Turns out the back door lack of steps makes a good spot to work on an angled notch





yes, my clothes are dirty, but their my work clothes! I don't always look like that!

Thursday, July 09, 2009

Cutting Glass

well, here's something we've never done before. We got a batch of big pieces of glass from a neighbor, and after much deliberation about how best to place the windows, Melissa decided we needed to cut the windows to the size of the opening (I had thought we might bury parts in, or leave glass up into the wall above for easy building).

So, we had to find a flat surface big enough to hold the glass while we were cutting it. Of course we don't have any full sized pieces of plywood around, so we took a 3 inch foam piece and put it in the back of the truck, which worked great.




Breaking it once it's scored is actually not that hard, though it is dramatic.




However, we discovered one of the pieces wouldn't break along the score line, so, thinking it was just too thick, we got out our tile saw (with the diamond blade) and started cutting it that way, after spending a bunch of time setting up a system to slide the glass across the saw.


Well, turns out that piece was tempured glass... which shatters just when you start cutting it a little bit. what a mess.

Saturday, July 04, 2009

Some Bathroom Details going up

As we begin to work around the northwest side, the bathroom details have to be taken into consideration.

Here you can see we've put the vent pipe in that will pull air from below the bench, underwhich will be the composting toilet buckets. We don't have this in the yurt bathroom, so we know it's not necessary, but it's an added luxury.
Here you can see the first bits of 'hardybacker' (the stuff that goes behind tiles) being put into place. Since we don't have studs in our walls, we decided it'd be easier to put the hardybacker onto some 2x6s, and then bury the whole thing in the cob as we go. This allows us to make sure the hardybacker is plumb and level, instead of worrying about individual boards that we'd screw to later.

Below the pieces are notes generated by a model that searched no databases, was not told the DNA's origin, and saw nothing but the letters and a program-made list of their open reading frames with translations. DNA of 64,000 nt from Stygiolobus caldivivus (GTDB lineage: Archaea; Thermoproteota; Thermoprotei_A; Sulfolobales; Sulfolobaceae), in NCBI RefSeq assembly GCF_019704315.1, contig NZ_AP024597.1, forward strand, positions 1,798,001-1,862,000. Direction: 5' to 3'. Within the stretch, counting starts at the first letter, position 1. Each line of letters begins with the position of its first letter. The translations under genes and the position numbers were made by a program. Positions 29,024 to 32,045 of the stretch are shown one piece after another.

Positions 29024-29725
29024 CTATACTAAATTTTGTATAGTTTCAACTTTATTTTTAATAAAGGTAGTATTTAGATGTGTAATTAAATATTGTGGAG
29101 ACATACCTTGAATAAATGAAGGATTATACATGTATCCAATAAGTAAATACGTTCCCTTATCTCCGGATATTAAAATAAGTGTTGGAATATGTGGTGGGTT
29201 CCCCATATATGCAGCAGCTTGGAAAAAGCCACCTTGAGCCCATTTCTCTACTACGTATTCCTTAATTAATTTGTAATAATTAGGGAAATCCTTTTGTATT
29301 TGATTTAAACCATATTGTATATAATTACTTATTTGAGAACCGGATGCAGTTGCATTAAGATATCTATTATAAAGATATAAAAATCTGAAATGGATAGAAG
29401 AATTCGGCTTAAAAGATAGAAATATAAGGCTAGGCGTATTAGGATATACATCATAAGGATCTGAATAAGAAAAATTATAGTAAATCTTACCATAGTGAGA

Here you can see the back of the hardybacker (and the boards buried in) and the plumbing access box that will house the shower mixer and such. It's pretty big, but it's only 14 inches across, just like the space between studs in a normal house, and it's about 5 feet high, so that both the water spout and the showerhead can be put in from this side (the outside).


Wednesday, July 01, 2009

Shower pan liner, and strange tubes

Melissa did the work of laying the shower pan liner the other day. Since we have already sloped the subfloor in the shape of the shower, we have a definite spot for this thing. Normal applications call for it to be nailed to the wooden studs around the shower in a stick house, but we can't do that, so we're going to have to play it by ear a bit.


Guesses on what these tubes are? They're my idea for a heat escape route for the back of the fridge, allowing the radiating coils in the back to let off heat (there's also cool air inlet tubes lower down) and also help with any possible fumes from the propane fridge pilot light. They will be cut flush with the wall after I make sure they're in there solid.
you can also see the anchor points for the future counter top on the right side of this photo. They're just bits of 2x4 with some nails in them to anchor them in.